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So, here we are, one year later, and still trying to get our collective heads around the complexity introduced by the Dodd-Frank Act. So, how’s progress? Well, let’s take a quick look at the numbers. As of July 27th, the CFTC had finalized 11 out of the 47 rules required, only 23% of the way there. The SEC is fairing at about the same rate of finalization. Now it is important to note that we’re primarily talking about Title VII of the DFA; other sections of the law haven’t had a stellar rule adoption rate either. This raises the question, “Shouldn’t more of the key moving parts be in place by now?”
What Is Taking So Long, Anyway?
We’ve recently seen a level of Washington partisanship push us near to default status on our debt, so it should come as no surprise that legislation like the Dodd-Frank Act would inspire a predominantly divisive environment. There are many bills that were recently introduced in Congress that hope to redact sections of DFA, not to mention the budget cuts that are planned for the regulatory bodies. More with less seems to be the Congressional mantra.
To add to the legislative distress, President Obama is having a difficult time getting a new director to head up the Consumer Financial Protection Bureau. In mid July, he nominated former Ohio Attorney General Richard Cordray to the post. This nomination came when it was clear that Elizabeth Warren, the bureau’s acting director, was not going to get Senate approval to a permanent post. Senate Republicans are not likely to back Mr. Cordray’s nomination either. In fact, they don’t even want a director at all. They would rather have the bureau headed by a bipartisan five-member board. Without a director, the CFPB cannot enact any rules.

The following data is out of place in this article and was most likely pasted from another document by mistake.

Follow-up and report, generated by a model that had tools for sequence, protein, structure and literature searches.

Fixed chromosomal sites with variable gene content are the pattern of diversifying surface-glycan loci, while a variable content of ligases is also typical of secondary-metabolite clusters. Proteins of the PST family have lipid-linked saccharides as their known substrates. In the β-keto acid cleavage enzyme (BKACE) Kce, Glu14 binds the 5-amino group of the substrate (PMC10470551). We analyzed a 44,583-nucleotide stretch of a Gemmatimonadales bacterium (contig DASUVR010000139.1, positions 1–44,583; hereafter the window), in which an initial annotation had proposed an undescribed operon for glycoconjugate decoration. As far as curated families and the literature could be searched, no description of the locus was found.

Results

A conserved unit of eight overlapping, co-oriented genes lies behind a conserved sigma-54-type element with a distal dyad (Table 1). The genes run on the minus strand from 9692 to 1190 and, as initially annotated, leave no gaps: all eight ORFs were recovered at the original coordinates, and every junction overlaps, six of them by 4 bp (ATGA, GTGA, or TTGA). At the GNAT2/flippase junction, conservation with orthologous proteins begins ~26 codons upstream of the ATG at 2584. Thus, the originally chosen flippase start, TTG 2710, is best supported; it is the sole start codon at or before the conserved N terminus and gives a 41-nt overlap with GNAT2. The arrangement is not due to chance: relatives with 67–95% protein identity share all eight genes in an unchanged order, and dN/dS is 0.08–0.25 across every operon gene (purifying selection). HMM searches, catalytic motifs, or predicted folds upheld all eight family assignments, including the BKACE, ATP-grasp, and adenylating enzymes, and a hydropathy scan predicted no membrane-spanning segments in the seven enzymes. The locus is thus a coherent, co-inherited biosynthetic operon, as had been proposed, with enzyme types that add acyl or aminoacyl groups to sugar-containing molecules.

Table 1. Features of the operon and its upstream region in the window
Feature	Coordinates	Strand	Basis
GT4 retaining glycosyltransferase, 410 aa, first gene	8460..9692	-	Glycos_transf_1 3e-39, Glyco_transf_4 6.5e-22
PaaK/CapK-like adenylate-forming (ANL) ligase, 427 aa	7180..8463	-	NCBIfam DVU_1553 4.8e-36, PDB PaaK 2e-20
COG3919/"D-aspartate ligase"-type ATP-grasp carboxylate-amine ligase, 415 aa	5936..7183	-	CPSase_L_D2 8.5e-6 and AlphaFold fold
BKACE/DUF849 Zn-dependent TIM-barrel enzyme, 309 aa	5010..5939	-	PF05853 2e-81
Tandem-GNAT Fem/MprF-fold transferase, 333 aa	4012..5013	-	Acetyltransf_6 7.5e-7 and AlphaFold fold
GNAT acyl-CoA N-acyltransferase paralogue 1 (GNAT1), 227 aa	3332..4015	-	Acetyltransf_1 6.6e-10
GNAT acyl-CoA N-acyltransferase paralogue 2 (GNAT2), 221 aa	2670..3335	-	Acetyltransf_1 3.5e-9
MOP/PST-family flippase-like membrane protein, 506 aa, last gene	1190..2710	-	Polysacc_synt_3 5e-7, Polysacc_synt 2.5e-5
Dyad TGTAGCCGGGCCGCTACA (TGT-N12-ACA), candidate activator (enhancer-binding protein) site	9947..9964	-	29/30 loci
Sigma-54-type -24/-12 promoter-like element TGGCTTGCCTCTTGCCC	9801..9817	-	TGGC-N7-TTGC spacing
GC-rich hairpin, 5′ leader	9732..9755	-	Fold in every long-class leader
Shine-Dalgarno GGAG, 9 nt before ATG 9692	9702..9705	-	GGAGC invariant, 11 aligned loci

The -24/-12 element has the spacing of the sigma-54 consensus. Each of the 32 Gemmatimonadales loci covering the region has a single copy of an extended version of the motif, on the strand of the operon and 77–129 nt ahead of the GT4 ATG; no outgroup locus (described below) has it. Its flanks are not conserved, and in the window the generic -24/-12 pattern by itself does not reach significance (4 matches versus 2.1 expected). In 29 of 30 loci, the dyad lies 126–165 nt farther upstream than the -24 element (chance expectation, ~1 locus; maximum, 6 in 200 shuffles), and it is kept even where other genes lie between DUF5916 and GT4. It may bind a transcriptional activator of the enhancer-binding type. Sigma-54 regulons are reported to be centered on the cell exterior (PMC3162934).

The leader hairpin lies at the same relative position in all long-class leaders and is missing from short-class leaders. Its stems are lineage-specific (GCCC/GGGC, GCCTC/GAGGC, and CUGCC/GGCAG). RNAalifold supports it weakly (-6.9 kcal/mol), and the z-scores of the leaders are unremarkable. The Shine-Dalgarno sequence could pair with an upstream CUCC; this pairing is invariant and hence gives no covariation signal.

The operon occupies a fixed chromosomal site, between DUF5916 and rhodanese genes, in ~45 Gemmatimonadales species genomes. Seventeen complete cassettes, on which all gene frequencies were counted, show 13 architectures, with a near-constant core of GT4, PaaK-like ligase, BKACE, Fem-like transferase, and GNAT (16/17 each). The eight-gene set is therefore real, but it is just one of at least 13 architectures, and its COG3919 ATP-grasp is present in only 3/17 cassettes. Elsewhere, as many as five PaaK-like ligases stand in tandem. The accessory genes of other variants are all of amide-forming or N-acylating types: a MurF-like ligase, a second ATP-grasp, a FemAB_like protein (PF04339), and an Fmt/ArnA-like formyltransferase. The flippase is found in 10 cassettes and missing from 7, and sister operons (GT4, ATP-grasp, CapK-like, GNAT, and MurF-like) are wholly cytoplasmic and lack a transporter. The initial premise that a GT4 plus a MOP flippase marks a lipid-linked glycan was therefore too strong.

If you caught the Daily Show on Comedy Central last week, there was a segment spoofing the Schoolhouse Rock cartoon “I’m Just a Bill”, where John Oliver portrays a very battered Dodd-Frank Bill. Yeah, it’s funny, but sadly, it does illustrate some of the real problems that DFA faces, and quite possibly why we are witnessing such a slow rollout.
Hurry Up and Wait
With the CFTC and SEC both acknowledging the need to extend some deadlines along with their power to do so, it is apparent that we won’t see significant OTC regulation until the year end. We will also see much of the implementation moving in through calendar year 2012. CFTC Chairman Gary Gensler has stated on more than one occasion that it is important to get this right. Overall, I believe, that the CFTC has made reasonable attempts to acquire industry guidance and input throughout the rulemaking process. Perhaps this is a major contributing factor for some of the delays. I do, however, question the order in which the rules were proposed. I would have thought that the regulators would have tackled the bulk of the definitions first, but that’s just my view.
So, Happy First Birthday, DFA!
(What do you get a one-year old that needs everything?)